fullsizerenderWhy should you be making and consuming bone broth? Homemade broth is packed full of nutrients and amino acids that help support joint and intestinal health. And we all know by now that good health starts in the gut, right? If you didn’t, now you do. Google that shit, it really is fascinating. Broth is the foundation of a great soup too! But my favorite? Just warm up a coffee mug of broth and drink. So soothing and warming, I can’t get enough. It is an absolute superfood. You can find many websites touting the amazing properties of bone broth, just google it!

What is the difference between Chicken Stock and Bone Broth made from chicken bones?A lot of people who are interested in making their own broth wonder why they can’t just buy Swanson’s chicken broth at the store and drink that. Did you ever notice that the broths you buy at the store are constantly in liquid form? A true broth made from bones will extract the collagen and fat from the bone that will actually have a gelatinous texture/layer when chilled. This is what you want! Many times store bought broth is just full of preservatives, keeping it in liquid form, and powdered flavorings that may or may not have come from an actual animal. No bueno. Making your own can be as simple or as labor intensive as you’d like! I would like to note however that store bought stock isn’t so horrible and could be used in a pinch when you simply don’t have the time or resources to make your own and would love to make a good soup or sauce. For health and drinking purposes, homemade is your best option! It is also cheaper than buying stock! Especially if you’re me, and your Italian neighbor just brings you chicken bones when they have, ahem, cooked one of their own.

Back to my original question… Broth and stock are really similar, and to me the largest difference is the amount of cooking time results in a more or less nutritious broth. The longer the cook, the more the nutrients,  amino acids and collagen are extracted from the bone. There are several ways to prepare broth. If you want the hands off, quick and easy approach, check out NomNomPaleo’s site for recipes using the Slow Cooker Method and/or Pressure Cooker Method. I have used those recipes for years, and have enjoyed them. However recently I was watching one of my new addictive shows on Netflix (Originally on PBS) called, The Mind of a Chef with David Chang.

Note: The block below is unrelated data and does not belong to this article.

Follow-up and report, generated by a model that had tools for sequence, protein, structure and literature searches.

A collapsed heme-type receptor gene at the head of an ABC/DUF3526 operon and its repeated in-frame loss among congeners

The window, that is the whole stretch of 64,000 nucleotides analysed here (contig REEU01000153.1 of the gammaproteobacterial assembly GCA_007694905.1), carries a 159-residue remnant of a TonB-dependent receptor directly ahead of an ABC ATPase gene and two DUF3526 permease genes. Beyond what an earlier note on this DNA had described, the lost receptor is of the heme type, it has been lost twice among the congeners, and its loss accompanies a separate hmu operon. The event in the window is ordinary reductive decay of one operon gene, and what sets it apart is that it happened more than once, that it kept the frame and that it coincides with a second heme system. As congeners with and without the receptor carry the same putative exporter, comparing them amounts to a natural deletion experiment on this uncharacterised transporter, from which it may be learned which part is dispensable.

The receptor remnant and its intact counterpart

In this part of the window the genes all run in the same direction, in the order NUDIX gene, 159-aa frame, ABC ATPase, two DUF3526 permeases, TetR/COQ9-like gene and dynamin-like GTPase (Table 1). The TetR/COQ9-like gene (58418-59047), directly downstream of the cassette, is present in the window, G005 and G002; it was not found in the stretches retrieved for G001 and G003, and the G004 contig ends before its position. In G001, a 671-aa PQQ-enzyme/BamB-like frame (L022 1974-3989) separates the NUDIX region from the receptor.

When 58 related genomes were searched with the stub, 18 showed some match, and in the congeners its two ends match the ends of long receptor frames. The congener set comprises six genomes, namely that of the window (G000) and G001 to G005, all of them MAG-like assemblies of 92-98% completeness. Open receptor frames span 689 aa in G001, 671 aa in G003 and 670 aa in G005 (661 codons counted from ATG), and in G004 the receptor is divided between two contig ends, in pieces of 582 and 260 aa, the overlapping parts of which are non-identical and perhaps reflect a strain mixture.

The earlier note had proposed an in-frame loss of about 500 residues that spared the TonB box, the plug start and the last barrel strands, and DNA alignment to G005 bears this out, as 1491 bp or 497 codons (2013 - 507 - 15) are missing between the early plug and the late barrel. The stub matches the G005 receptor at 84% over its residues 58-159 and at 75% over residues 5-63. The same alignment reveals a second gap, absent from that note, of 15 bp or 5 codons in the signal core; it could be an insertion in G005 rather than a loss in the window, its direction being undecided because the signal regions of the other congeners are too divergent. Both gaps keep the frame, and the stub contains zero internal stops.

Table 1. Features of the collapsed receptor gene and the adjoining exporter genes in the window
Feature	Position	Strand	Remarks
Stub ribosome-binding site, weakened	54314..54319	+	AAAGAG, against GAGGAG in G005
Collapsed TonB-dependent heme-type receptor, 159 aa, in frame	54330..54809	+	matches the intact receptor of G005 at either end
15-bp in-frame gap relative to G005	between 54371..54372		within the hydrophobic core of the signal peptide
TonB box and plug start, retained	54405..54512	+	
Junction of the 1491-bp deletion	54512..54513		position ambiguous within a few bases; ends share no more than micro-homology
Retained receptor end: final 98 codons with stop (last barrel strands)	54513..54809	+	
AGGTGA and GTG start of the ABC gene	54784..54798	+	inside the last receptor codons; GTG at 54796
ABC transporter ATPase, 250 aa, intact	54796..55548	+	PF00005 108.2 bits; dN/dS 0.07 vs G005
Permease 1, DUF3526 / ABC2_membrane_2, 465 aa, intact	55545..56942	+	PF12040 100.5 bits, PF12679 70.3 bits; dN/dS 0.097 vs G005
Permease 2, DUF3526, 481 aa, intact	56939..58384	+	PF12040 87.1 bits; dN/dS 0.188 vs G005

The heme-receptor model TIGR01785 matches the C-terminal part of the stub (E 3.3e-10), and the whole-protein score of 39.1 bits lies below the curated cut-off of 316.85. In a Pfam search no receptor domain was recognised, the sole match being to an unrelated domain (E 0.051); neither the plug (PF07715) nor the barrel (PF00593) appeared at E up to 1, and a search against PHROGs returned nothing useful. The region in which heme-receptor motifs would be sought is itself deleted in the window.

Chef Chang was making a real Chicken Noodle Soup, and I just wanted to try his broth preparation because it sounded amazing. And guess what… It BLEW MY MIND. No joke. So I am sharing it with you! This recipe is more labor intensive for sure. You’ll need to have a few hours at home so plan accordingly. You can also make a  vegetable stock at the same time if you like, but were focused on the main event here, [chicken] bone broth. Most people add vegetables to their slow cooker with the bones for added flavors and nutrients. This is a great idea, especially if you’re using a slow cooker or pressure cooker!

For now, were going strict Chicken Goodness. I make it about once a week. One batch for me typically yields 3 quarts or 3 Liters. I store them in Mason Jars in the fridge or freezer. Check out this post for storage options and expirations! On to the broth!

Ingredients

1 Whole Chicken, broken down into 6 pieces:
-2 Wings
-2 Drumsticks
-Breast
-Back
2Tbs Himalayan Sea Salt
1Tbs Peppercorns

Directions

Fill a large 8 quart pot with 16 cups (4 quarts of water)

Put the chicken pieces, 1 tablespoon of Himalayan sea salt , black peppercorns into the pot of water. Bring to a boil and lower to a simmer

Skim foam and chicken fat off the top of the broth with a spoon and into a small bowl. Strain out solids when you are finished skimming and set aside

After one hour, use tongs to remove the chicken pieces. Allow the chicken to cool enough for your to pull the meat from the bones and set aside. You can use the meat for whatever you like! You don’t need it any more for this recipe.

Put the bones, skin and skimmed fat back in the large stock pot. Bring the chicken broth for another 2 hours, uncovered.

The water will reduce considerably in an hour or so, so don’t forget to add more and some more sea salt to taste!

Once your two hours are up and you like the taste, strain out all of the skin, bones, bits & bops into another pan.

From there you can pour into your storage containers and allow to cool to room temperature before you place in the fridge or freezer! We don’t need any broken jars if that’s what you’re using. I also use masking tape to write the date I made the broth on the jar. You can compost or throw away all of the solid ingredients.

I had just enough for 3, 1 quart jars and 1 fresh steaming mug that I could have just there and then! It was excellent. I highly encourage you to do a little reading on the benefits of broth. I can’t recommend it enough. Enjoy!

Blessings,

Oat

fullsizerender-1

Advertisements